Funny you should bring up the feelings of being outside of the norm in The Netherlands, I have an American friend married to a Dutch man and just the other day she was talking about how much of an outsider she felt when she lived there (people berating her for not speaking Dutch, probably many of the things you mention as well). I’m in Denmark. The Danes aren’t perfect either. No one is, right?

        But you’re right–I can’t imagine how people of color feel, and that’s why I need to give up defending myself and just listen. I’m glad you’re sticking around. I’ll try not to yell so much….first thing in the morning ;-).

        Liked by 1 person

  5. Priya says:

    I can relate to the fact that my husband is a decent man, sees me as an equal in every way – yet his life has been one of privilege every step of the way and he can’t know or recognize so many subtle put downs I receive, or even why something seemingly “small” can hurt so much – because you get so tired of defending yourself and the stress begins to show.

    I’m raising 2 sons as well. I’ve tried my best to raise them to see women as equals, as human beings. However I’m surrounded my family that still engages in patriarchal practices. The way my sons are treated when extended family visits – as if they are princes – that really bothers me.

    You are right – good men, decent men, should do more than believe women are equals. They need to be vocal and insistent. They need to listen and understand more. They need to take a stand. This impacts them too. It impacts all of us and what kind of society we want to create for our kids.

    Being angry is never comfortable for others – but isn’t that something that has been denied far too long for women? Why not let women be human, let them get angry. Prolonged anger, anger that is nurtured constantly is not a good thing – but a burst of anger can make us question things, maybe change things, if channeled. That’s not such a bad thing.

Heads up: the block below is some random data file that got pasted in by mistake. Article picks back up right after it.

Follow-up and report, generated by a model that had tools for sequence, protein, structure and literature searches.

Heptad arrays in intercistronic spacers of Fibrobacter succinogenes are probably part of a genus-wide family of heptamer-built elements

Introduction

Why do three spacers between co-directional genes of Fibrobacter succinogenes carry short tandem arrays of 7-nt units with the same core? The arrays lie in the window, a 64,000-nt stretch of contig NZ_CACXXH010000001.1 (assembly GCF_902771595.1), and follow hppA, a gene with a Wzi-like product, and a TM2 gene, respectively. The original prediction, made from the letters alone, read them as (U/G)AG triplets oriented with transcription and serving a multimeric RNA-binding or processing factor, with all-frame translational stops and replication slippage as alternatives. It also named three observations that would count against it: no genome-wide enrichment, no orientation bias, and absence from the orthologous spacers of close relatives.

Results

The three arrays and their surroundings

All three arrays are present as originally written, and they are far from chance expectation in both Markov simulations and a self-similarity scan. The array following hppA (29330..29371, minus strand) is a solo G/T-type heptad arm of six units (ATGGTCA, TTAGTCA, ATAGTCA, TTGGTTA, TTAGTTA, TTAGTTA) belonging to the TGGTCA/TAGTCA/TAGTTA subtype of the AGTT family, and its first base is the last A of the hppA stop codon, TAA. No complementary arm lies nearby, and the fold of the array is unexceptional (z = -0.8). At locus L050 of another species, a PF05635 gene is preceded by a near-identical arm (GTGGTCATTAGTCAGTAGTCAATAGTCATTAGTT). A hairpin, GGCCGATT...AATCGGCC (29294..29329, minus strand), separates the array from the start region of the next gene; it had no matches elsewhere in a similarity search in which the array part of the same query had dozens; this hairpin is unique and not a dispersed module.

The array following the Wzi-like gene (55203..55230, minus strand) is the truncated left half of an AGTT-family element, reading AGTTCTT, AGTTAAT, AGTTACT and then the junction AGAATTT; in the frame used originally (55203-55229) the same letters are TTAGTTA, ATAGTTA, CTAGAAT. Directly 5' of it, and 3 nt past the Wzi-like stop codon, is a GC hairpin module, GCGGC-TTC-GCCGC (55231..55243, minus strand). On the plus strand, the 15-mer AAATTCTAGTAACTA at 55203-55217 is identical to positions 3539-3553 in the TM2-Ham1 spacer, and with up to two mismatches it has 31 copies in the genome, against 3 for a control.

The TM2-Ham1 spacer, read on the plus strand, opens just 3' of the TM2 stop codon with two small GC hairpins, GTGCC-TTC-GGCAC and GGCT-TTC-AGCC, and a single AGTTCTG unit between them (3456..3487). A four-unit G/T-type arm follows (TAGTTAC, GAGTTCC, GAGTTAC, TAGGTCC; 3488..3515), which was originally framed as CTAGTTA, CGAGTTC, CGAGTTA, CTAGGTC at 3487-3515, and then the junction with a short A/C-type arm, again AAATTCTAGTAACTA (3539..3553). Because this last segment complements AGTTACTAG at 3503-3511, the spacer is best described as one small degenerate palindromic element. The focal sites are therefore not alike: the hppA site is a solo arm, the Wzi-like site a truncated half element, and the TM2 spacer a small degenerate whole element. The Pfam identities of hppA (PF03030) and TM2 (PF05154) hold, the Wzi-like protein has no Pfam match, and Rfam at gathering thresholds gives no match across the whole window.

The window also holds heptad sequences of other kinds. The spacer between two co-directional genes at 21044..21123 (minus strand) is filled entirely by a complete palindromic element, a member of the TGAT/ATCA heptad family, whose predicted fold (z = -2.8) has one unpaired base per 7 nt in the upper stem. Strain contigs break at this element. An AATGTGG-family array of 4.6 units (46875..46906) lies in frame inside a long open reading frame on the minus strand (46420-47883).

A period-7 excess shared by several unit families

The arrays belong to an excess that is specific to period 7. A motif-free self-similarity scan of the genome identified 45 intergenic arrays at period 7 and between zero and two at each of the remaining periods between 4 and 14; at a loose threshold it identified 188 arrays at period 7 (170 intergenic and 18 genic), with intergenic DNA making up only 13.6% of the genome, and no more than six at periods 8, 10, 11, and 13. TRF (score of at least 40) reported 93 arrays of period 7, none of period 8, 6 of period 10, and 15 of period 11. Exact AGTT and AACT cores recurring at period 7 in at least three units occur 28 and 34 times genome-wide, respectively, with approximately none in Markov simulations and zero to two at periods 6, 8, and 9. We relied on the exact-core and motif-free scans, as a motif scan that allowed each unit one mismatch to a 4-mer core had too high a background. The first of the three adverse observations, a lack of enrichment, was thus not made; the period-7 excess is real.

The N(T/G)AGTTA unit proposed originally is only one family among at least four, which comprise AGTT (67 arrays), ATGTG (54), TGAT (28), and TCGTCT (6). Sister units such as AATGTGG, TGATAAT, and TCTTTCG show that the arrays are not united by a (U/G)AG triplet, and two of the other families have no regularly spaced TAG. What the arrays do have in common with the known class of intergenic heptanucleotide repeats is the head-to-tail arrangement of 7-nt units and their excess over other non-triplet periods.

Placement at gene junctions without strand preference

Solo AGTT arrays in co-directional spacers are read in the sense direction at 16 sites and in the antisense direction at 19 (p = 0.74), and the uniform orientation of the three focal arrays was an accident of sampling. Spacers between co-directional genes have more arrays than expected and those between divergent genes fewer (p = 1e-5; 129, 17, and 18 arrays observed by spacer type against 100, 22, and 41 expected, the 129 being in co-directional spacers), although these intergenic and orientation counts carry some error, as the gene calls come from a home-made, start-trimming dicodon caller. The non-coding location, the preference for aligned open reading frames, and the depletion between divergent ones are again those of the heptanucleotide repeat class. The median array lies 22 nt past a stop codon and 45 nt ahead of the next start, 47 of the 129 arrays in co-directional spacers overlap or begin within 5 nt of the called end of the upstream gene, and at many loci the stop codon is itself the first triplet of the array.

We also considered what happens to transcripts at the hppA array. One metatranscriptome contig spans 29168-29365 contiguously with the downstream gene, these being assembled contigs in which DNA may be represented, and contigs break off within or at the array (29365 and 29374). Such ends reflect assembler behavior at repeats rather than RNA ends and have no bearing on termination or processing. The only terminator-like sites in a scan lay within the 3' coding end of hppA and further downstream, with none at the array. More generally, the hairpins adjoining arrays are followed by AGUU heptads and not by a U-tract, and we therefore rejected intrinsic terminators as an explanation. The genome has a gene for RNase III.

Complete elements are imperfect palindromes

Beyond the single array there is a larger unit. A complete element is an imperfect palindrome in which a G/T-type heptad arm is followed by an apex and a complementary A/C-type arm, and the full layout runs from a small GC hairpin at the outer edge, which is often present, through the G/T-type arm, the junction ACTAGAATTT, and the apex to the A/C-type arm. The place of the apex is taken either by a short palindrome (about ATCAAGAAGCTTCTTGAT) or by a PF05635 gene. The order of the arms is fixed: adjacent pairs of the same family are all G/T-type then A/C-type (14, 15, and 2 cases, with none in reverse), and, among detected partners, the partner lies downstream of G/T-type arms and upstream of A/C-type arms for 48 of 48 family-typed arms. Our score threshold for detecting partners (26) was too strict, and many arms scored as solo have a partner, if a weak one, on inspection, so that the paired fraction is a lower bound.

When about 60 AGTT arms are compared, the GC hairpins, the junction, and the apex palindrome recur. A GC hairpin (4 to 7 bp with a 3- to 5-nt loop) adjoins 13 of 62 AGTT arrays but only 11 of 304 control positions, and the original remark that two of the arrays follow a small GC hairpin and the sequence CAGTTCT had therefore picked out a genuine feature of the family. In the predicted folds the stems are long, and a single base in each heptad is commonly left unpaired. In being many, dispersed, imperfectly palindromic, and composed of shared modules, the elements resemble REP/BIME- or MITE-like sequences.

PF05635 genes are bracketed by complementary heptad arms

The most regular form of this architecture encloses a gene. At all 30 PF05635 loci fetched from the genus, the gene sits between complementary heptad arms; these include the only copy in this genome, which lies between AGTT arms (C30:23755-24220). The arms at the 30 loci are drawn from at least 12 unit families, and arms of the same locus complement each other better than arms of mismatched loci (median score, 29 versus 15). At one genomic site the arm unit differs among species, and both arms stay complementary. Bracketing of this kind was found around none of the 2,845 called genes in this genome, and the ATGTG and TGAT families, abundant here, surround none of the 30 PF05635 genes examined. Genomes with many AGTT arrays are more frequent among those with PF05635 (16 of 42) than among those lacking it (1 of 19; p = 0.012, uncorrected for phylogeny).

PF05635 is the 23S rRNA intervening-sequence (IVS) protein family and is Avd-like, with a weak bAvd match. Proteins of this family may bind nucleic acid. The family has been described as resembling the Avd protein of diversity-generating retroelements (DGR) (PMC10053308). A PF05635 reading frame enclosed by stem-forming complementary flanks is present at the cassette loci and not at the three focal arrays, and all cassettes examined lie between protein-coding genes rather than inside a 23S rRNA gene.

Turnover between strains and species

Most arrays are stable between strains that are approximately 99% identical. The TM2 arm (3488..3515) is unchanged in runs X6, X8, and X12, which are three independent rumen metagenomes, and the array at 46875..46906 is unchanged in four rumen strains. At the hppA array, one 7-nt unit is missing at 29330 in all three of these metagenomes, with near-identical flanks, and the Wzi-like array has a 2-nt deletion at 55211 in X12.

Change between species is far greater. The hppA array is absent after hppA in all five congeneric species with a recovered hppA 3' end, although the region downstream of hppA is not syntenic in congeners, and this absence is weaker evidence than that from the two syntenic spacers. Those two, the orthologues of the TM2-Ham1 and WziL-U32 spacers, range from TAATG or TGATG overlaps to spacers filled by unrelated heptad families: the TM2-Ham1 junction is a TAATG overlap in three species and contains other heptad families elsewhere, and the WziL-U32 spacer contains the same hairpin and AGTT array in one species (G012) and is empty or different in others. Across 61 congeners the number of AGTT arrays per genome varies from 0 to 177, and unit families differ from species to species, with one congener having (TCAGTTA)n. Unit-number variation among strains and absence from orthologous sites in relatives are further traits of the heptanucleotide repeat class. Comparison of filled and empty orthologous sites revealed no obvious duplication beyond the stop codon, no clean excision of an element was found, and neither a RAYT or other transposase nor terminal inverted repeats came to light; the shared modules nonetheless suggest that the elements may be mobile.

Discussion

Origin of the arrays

6. Let’s see. Male? Check. White? Check. Older? Check. Straight? Check. Privileged? Check.

    Does your anger make ME angry? No, not really. My awareness of my privilege does not change it, and does not make it less unfair. I won’t insult you by telling you that I totally get it – because I can’t. I can imagine what it is like to be a non-white, or a non-male, or non-straight, but it becomes a function of imagination, not reality. And yet, I do also feel an anger – at witnessing the doors that aren’t opening for my wife that may have opened for me, at listening to the stories of my adult daughters are they try to carve out a space for themselves in this world, at remembering the many difficult choices that my mother and women of her generation had to make because they were women.

    There are also other reasons to feel angry, if only, in my case, for second-hand reasons. Even in Canada, there is too much racism. Even in Montreal, my gay friends cannot fully live their own lives without some fear.

    There are different kinds of anger. There is the anger of injustice – that needs to be nourished and fanned into even hotter flames. There is the anger of foiled ambition and loss of privilege – that needs to be doused, or at least reflected back to its source. My wife and daughters will understand your anger in their guts, as they live with why you are angry. I can understand it intellectually, but I cannot feel it the way you do.

    Continue to be angry, and let us together work at making the reasons for your anger become less and less. I choose to believe that this will be possible.


    1. Lynn says:

      Well said, Paul.


  7. Gina Earle says:

    “In particular white men, are the beneficiary of centuries of patriarchal structure, whether they participate in it, uphold it, applaud it or try to change it.” I like this. But I’m also mad about it. Womyn need to stop repressing their inner Kali. I think venting and writing about it especially is a useful tool. The pen is mightier than the sword as they say.
    Thank you for sharing. Someone had to do it.


    1. Dina Honour says:

      Some days it’s the only thing that keeps me sane and upright…